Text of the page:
Menopause Stages


Women commonly refer to the menopausal transition as menopause, often not knowing that the whole process of undergoing hormonal changes towards the end of reproductive years actually occurs in stages.

From premenopause, which covers a woman's most fertile years, until postmenopause, when her ability to have children ends, women's reproductivity is constantly transforming.

Continue reading to familiarize yourself with the four menopause stages so that you can have a better understanding of your own womanhood.

Menopause Stages

Menopause Stages


What Is It?

Premenopause is the first stage in a woman's reproductive life, during which she has the highest chances of getting pregnant.

When Does it Start and End?

Premenopause begins at puberty and lasts until she enters the menopausal transition in her early to mid-40s.

What Happens in Premenopause?

In premenopause, female fertility is at its best, although it gradually declines with age, especially once women enter their mid-30s. There are no menopause symptoms in this stage, but women might experience occasional discomforts from hormonal fluctuations around the time of their periods, such as premenstrual syndrome (PMS), or ovulation.

Premenopausal Age: When Do Symptoms Start? Premenopausal Age: When Do Symptoms Start?


What Is It?

Perimenopause is the beginning of the menopausal transition, or - as its own name signifies - the time “near menopause.”

When Does it Start and End?

It can begin in a woman's early to mid-40s and last for 2 to 10 years until a woman enters menopause.

What Happens in Perimenopause?

During perimenopause, drastic fluctuations of key reproductive hormones, estrogen and progesterone, trigger infamous menopause symptoms, like irregular periods, night sweats, or mood swings, causing women to feel uncertain about their own bodies as they go toward the end of their reproductive years.

Menopause Symptoms: Late 40s and Early 50s Menopause Symptoms: Late 40s and Early 50s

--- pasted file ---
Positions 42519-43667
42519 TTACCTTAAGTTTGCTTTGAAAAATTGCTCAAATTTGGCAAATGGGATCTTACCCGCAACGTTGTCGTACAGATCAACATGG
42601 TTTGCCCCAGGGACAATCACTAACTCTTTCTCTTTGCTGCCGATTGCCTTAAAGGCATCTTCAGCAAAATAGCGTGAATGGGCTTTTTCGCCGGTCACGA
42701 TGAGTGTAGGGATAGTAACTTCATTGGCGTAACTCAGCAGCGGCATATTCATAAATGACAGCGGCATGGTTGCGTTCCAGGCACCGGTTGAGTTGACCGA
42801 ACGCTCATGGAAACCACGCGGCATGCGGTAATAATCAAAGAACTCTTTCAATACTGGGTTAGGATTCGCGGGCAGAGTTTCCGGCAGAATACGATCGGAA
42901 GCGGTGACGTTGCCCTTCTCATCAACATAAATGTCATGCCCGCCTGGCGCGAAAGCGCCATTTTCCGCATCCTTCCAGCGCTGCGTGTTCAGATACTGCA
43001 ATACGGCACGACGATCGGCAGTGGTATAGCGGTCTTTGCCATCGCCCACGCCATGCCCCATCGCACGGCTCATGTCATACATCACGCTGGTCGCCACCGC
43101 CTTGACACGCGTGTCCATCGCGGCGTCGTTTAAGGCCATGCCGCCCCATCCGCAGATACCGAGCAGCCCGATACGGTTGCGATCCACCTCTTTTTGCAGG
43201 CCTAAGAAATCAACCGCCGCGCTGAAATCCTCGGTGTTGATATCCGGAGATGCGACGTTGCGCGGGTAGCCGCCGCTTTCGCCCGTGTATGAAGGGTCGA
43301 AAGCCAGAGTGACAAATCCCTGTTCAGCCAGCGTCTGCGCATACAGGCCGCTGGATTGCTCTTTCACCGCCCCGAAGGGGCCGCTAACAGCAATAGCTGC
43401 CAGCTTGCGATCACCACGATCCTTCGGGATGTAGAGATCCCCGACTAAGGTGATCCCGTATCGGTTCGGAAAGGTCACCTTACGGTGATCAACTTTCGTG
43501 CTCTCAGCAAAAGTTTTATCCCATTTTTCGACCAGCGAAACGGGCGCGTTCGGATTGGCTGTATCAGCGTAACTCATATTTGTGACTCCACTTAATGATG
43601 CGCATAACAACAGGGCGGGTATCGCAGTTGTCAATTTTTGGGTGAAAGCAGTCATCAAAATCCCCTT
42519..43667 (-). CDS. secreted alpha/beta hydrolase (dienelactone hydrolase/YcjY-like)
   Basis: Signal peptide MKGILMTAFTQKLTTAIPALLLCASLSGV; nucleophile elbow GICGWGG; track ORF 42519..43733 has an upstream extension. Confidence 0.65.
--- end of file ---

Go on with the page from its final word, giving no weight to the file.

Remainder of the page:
Menopause is defined as a point in time when menstrual cycles have not occurred for 12 consecutive months, marking the end of a woman's reproductive years.

Menopause occurs due to aging as the ovarian egg supply naturally depletes, ceasing the production of reproductive hormones. As a result, a woman stops menstruating and can no longer get pregnant. The average age of menopause is 51, but women can enter it between the ages of 45 and 55.


What Is It?

Postmenopause is the final reproductive stage, covering the years after menopause.

When Does it Start and End?

Women enter postmenopause a year after they have missed their monthly periods, which typically occurs in their early 50s and lasts for the remainder of their lives.

What Happens in Postmenopause?

During postmenopause, the majority of bothersome menopause symptoms naturally lessen or cease, although some women continue struggling with vaginal dryness, insomnia, and urinary tract infections. Moreover, persistently low estrogen levels put postmenopausal women at a higher risk for developing potentially dangerous health conditions, including heart disease or osteoporosis.

Menopause Symptoms: Late 50s Menopause Symptoms: Late 50s


Early Menopause

What Is It?

Early menopause occurs when a woman's periods permanently stop between the ages of 45 and 50. It affects up to 5% of women.

Why Does it Occur?

Early menopause might occur due to an untimely loss of ovarian function, which can be triggered by genetics, certain autoimmune diseases, or medical interventions.

What are the Effects of Early Menopause?

Women undergoing early menopause experience similar symptoms to those in natural menopause, but – in some cases – they might be more severe. They are also at a greater risk for developing health conditions related to constantly low estrogen levels, including osteoporosis or heart disease.

Premature Menopause - Everything to Know Premature Menopause - Everything to Know

Premature Menopause

What Is It?

Premature menopause is a term used to describe menopause that happens before the age of 40. It is rare as it only affects about 1% of women in their 40s.

Why Does It Occur?

Premature menopause can occur naturally because of primary ovarian insufficiency or can be induced medically through radiation, chemotherapy, or surgery.

What are the Effects of Premature Menopause?

Women who have undergone premature menopause cannot get pregnant naturally, though pregnancy is possible with donor eggs through IVF. Also, because women spend a bigger portion of their lives without the protective effects of estrogen, they are at a higher risk for strokes and osteoporosis.